Sebi chief Ajay Tyagi has pitched for providing for multiple products and fund raising avenues suitable for different profile of investors. Photo: Abhijit Bhatlekar/Mint
Colombo: Securities and Exchange Board of India (Sebi) chairman Ajay Tyagi has pitched for multiple products and fund raising avenues for investors so as to help broaden participation in the capital markets.
Besides, he said, developing currency-bond-derivatives links by creating suitable conditions and right enabling infrastructure could also attract investors to the markets. Tyagi was speaking at IOSCO-GEMC (International Organisation of Securities Commissions-Growth and Emerging Markets Committee) conference in Colombo on Wednesday.
Among other effective market expansion measures could be optimising market admission requirements to increase the number of local as well as foreign listings without compromising on corporate governance standards, he said. Tyagi has pitched for “providing for multiple products and fund raising avenues suitable for different profile of investors as well as for catering to the varied financing needs at various stages of economic activities”.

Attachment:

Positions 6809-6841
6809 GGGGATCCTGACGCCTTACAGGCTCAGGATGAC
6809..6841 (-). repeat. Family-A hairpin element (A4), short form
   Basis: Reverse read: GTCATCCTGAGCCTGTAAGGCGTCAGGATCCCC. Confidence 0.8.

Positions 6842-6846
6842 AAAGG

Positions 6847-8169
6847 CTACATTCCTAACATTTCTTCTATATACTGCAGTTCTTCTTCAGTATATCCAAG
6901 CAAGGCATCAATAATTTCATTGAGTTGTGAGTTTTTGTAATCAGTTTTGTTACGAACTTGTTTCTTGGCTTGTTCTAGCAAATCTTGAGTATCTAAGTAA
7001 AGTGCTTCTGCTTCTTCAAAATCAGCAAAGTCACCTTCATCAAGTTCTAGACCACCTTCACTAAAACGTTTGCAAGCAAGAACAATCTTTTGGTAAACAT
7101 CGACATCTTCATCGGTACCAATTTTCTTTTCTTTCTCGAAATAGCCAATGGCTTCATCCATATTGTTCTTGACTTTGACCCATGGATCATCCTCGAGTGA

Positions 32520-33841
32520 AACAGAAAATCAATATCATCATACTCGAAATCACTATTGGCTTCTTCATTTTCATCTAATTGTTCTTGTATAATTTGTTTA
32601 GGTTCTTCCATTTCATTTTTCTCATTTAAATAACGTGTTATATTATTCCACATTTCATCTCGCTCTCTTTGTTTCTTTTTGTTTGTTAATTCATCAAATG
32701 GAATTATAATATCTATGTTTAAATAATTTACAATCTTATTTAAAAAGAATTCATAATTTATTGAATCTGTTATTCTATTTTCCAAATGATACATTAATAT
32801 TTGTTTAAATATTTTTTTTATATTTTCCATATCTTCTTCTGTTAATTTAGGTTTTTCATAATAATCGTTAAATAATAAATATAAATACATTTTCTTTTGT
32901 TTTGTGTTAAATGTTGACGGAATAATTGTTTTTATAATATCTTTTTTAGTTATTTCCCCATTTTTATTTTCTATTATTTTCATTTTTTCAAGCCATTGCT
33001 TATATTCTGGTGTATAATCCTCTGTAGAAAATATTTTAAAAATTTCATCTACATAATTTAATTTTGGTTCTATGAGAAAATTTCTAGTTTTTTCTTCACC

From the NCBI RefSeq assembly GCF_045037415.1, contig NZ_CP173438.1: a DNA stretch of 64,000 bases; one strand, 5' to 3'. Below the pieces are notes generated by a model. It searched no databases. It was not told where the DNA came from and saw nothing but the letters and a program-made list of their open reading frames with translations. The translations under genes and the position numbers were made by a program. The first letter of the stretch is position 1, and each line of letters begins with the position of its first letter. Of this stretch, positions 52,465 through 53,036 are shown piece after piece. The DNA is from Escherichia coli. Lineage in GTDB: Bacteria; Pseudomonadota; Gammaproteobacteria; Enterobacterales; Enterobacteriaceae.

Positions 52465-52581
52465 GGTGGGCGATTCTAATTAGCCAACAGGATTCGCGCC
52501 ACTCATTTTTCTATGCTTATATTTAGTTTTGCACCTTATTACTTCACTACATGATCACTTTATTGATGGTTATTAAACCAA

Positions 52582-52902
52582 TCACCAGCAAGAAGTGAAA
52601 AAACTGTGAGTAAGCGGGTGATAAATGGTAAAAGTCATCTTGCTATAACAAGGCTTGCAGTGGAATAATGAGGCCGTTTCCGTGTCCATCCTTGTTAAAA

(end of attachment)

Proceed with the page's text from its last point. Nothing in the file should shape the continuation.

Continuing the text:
Improving market infrastructure would also help in attracting investors, he suggested. This includes improving electronic trading technology to encourage a greater volume of trading, with sufficient pre- and post-trade transparency; enhancing the accuracy as well as reliability of market and reference data; and a comprehensive risk management framework.
Tygai also focused on increasing the participation of, and incentivising, local institutional investors by having a re-look at legislative and regulatory restrictions and improving the network of professional and intermediaries which may facilitate in bringing more investors. In order to attract international investors, he suggested market liberalisation like relaxing and rationalising regulatory barriers to international investments.
Speaking on ‘liquidity in emerging markets’, Tyagi said this could be attributed, directly or indirectly, to global capital flows. “Topics like liquidity in emerging markets are evergreen given the episodic upheavals that emerging markets have witnessed over the last few decades, which can be attributed, directly or indirectly, to global capital flows,” he added.
Explaining market liquidity, he said it is the ability to facilitate large volume of trade without causing excessive price movements, while still reflecting a steady and fair market price. This concept of liquidity encompasses multiple dimensions: immediacy, depth and resilience.
Over the past 15 years, emerging market exchanges have grown dramatically in both size and activity. Market capitalisation has increased from about $3 trillion in 2004 to upward of $8 trillion in now.